Tuesday, June 22, 2010
Ups and Downs
Trina Schart Hyman (1934-2004) was an amazing American children's book illustrator with over 150 books under her belt. She was the recipient of three Caldecott Honors and one Caldecott Medal. I often find myself looking to her work for inspiration when I am feeling stagnant. I found this interview with her and took a segment from it that I found particularly interesting.
Mrs. Hyman told The Boston Globe that she thought the pinnacle of her career, her Caldecott Award in 1985, was also one of the lowest points in her artistry.
"I realized that I was drawing the same figure over and over again, because I don't work from photographs or models when I do my illustration; it's all from my head," she said in 1992. "So I thought I was not only in a rut as far as my creative output, but I also just hated my work."
In response, Mrs. Hyman turned to painting models in an attempt to expand her creativity.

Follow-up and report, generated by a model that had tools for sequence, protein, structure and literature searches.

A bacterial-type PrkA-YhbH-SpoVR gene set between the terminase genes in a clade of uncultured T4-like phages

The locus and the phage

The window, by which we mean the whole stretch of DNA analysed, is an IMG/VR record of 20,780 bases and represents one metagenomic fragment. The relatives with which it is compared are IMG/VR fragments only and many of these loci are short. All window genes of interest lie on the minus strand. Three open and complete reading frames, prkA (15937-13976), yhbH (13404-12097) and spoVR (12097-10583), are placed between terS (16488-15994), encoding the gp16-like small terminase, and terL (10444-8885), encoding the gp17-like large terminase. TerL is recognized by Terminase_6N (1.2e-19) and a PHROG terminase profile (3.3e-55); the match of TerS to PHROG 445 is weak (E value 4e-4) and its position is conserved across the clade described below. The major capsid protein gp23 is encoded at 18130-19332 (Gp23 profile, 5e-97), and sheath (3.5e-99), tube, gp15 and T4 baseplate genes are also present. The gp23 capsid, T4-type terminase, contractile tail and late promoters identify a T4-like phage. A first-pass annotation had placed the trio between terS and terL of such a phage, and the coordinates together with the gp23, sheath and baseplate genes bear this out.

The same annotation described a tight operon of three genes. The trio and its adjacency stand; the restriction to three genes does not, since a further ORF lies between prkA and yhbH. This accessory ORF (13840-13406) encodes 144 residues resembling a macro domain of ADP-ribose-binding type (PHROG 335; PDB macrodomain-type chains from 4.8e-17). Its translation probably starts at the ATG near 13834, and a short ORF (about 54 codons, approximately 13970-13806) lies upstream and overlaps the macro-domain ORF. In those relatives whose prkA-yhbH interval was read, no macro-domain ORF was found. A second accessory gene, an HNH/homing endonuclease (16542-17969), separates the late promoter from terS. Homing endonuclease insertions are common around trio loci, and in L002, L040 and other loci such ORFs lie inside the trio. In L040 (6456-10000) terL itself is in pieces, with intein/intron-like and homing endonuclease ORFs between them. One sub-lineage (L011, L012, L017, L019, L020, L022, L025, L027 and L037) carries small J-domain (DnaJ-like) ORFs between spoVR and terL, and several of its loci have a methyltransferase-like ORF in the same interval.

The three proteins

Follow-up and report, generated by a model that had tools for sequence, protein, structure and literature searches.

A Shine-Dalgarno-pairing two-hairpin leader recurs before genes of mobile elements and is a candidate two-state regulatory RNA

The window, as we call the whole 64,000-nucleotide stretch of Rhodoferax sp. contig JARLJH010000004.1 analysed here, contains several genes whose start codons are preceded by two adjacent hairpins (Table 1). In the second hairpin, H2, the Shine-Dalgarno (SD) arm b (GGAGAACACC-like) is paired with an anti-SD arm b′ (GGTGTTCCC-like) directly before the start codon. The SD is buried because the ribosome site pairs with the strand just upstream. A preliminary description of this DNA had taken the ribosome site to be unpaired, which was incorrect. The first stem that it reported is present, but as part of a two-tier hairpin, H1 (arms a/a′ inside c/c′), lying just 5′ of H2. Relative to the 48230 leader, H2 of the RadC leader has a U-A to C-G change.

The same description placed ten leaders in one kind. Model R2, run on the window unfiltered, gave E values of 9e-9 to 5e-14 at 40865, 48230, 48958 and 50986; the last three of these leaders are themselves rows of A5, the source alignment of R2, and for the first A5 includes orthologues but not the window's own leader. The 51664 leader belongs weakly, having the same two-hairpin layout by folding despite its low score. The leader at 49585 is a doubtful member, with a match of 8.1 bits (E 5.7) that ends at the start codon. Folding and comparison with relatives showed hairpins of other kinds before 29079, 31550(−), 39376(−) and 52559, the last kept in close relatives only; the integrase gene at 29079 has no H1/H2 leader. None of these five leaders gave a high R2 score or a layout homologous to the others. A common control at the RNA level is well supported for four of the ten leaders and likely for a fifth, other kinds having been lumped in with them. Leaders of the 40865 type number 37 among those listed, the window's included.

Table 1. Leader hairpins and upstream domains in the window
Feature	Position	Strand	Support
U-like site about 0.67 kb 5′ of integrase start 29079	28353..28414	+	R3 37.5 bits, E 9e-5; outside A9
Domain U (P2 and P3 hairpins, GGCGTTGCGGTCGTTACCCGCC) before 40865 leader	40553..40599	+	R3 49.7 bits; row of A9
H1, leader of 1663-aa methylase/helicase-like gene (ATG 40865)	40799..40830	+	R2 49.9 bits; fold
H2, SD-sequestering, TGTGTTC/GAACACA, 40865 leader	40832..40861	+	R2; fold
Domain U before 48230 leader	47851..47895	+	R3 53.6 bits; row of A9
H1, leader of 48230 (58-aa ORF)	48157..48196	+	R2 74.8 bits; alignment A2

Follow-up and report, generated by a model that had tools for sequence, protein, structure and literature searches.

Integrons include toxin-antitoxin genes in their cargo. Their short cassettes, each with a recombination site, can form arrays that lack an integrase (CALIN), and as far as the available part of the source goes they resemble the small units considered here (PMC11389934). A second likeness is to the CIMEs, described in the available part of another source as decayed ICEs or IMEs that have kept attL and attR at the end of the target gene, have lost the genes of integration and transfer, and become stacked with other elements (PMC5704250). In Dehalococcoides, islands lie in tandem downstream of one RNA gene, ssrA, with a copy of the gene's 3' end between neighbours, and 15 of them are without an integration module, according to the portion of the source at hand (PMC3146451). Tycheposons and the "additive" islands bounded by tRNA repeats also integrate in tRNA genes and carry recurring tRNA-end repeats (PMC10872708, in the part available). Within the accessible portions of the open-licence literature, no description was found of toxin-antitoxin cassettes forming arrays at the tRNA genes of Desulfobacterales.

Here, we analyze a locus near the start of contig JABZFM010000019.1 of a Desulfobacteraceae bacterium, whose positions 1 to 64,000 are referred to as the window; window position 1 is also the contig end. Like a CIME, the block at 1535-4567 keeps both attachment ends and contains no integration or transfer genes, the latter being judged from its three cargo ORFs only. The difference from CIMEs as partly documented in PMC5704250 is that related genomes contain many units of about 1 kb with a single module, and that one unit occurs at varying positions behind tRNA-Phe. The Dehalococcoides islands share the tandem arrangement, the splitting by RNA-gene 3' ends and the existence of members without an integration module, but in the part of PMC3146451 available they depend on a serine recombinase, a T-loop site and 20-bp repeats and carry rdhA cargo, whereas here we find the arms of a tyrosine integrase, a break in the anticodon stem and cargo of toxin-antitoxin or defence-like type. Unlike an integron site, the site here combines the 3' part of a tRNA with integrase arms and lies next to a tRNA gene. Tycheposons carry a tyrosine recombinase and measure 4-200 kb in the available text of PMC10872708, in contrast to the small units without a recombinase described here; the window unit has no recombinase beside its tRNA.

"Painting from life is really an exercise for me," she said. "I felt like it's saved my life several times. When you work in your studio at home you are answerable to everyone. Your work is answerable to everyone. With this work, I am not answerable to anyone."
It's interesting how public views often have little or no bearing in how an artist views their own work. Often the work that puts an artist on the map is their least favorite work. Whether it's because they feel that they aren't staying true to themselves or simply because they wish to branch out and explore something new, artists often reach points when they feel stagnant and stale. It's nice to see that even someone with Ms. Schart's talent can have moments like this as well.